New Licensing System Faces Heat from MA Student Teachers

Sixty-seven of the 68 graduate students in education at the University of Massachusetts at Amherst are refusing to participate in a pilot program that is testing the effectiveness of a new teacher licensing system currently being developed by Stanford University in partnership with Pearson. The pilot program asks student teachers to send Pearson two short videos of themselves teaching as well as a filled out 40-page exam. The students' main point of dissatisfaction is the opinion that the current licensing system, which involves up to 6 months of observation by experienced teachers, is superior in identifying good teachers and evaluating their skill levels.

"This is something complex and we don't like seeing it taken out of human hands," said Barbara Madeloni, who runs the university's high school teacher training program. "We are putting a stick in the gears."

Although the new system is being tested at over 200 college campuses across the country, according to the Stanford development team, UMass was the only school that expressed reservations about participating. It's hard to say if the refusal to participate will have an adverse effect on the student teachers down the road, especially as it is predicted that, contrary to developers' assurance that the new system is supposed to be a supplement to the current licensing practices, many states will make it a mandatory part of getting a teaching certification. Failure to pass the exam would mean the teachers wouldn't be eligible to teach in the state.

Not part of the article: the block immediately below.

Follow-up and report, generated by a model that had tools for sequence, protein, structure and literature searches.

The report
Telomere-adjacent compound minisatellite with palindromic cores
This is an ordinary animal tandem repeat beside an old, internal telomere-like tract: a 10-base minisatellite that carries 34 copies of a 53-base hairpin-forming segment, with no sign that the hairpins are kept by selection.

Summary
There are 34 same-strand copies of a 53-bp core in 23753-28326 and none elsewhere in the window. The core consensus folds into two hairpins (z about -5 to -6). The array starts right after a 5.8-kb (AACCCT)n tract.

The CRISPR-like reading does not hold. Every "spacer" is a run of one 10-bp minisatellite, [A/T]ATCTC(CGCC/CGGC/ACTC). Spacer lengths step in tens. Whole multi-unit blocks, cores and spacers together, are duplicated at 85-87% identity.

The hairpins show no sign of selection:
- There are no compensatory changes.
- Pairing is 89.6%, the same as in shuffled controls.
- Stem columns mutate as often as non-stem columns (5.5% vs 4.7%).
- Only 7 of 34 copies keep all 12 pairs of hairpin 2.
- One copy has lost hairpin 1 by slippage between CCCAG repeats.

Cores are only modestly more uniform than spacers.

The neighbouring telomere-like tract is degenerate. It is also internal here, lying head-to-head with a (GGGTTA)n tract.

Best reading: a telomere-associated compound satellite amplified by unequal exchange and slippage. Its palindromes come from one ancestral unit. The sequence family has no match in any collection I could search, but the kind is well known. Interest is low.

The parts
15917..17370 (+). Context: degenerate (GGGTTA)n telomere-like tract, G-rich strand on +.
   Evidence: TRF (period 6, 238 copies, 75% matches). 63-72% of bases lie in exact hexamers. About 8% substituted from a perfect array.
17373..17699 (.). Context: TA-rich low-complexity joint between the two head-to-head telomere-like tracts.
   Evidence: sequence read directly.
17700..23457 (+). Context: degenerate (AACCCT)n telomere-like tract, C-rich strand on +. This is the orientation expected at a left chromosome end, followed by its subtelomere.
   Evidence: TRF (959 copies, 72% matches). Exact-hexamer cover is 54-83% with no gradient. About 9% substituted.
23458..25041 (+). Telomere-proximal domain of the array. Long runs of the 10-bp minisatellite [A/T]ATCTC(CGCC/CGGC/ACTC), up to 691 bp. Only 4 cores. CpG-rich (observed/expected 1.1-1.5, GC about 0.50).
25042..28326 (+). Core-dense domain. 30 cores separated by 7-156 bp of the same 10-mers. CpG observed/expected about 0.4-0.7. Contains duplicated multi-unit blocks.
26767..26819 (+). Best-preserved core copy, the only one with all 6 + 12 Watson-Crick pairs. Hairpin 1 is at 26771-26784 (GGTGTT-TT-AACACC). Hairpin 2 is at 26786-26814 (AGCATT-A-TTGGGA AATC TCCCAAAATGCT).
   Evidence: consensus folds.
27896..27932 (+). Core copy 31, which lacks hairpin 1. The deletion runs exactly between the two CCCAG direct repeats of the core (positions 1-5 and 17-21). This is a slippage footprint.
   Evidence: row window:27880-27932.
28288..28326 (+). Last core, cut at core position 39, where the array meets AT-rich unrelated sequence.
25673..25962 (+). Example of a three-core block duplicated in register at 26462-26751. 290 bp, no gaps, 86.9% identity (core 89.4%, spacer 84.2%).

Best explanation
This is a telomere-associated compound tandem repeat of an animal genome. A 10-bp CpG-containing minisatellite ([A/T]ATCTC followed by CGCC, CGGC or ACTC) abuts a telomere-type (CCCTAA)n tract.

Six states have already committed to adopting the new system once it goes live, including New York, Illinois, and Washington. The education authorities of Massachusetts have yet to make a decision about the adoption.

Another concern expressed by the UMass students is the lack of strong privacy controls. Teaching videos inevitably also contain footage of the students, and while parents haven't expressed reservations about allowing academics from the university to view them, they might have second thoughts when they learn that the videos are being collected by a large corporation instead.

However, those working on the project believe that the privacy issue is overblown.

Raymond Pecheone, a Stanford professor, said he had worked closely with Pearson to ensure extensive confidentiality protections. He said the student videos can't be downloaded or duplicated by scorers, nor used for marketing and promotion or training teachers.

If the Teacher Performance Assessment is adopted as a requirement, complying with it will not be cheap. It costs $300 per person to participate, and the cost is expected to be covered by the candidate.

Privacy Policy Advertising Disclosure EducationNews © 2019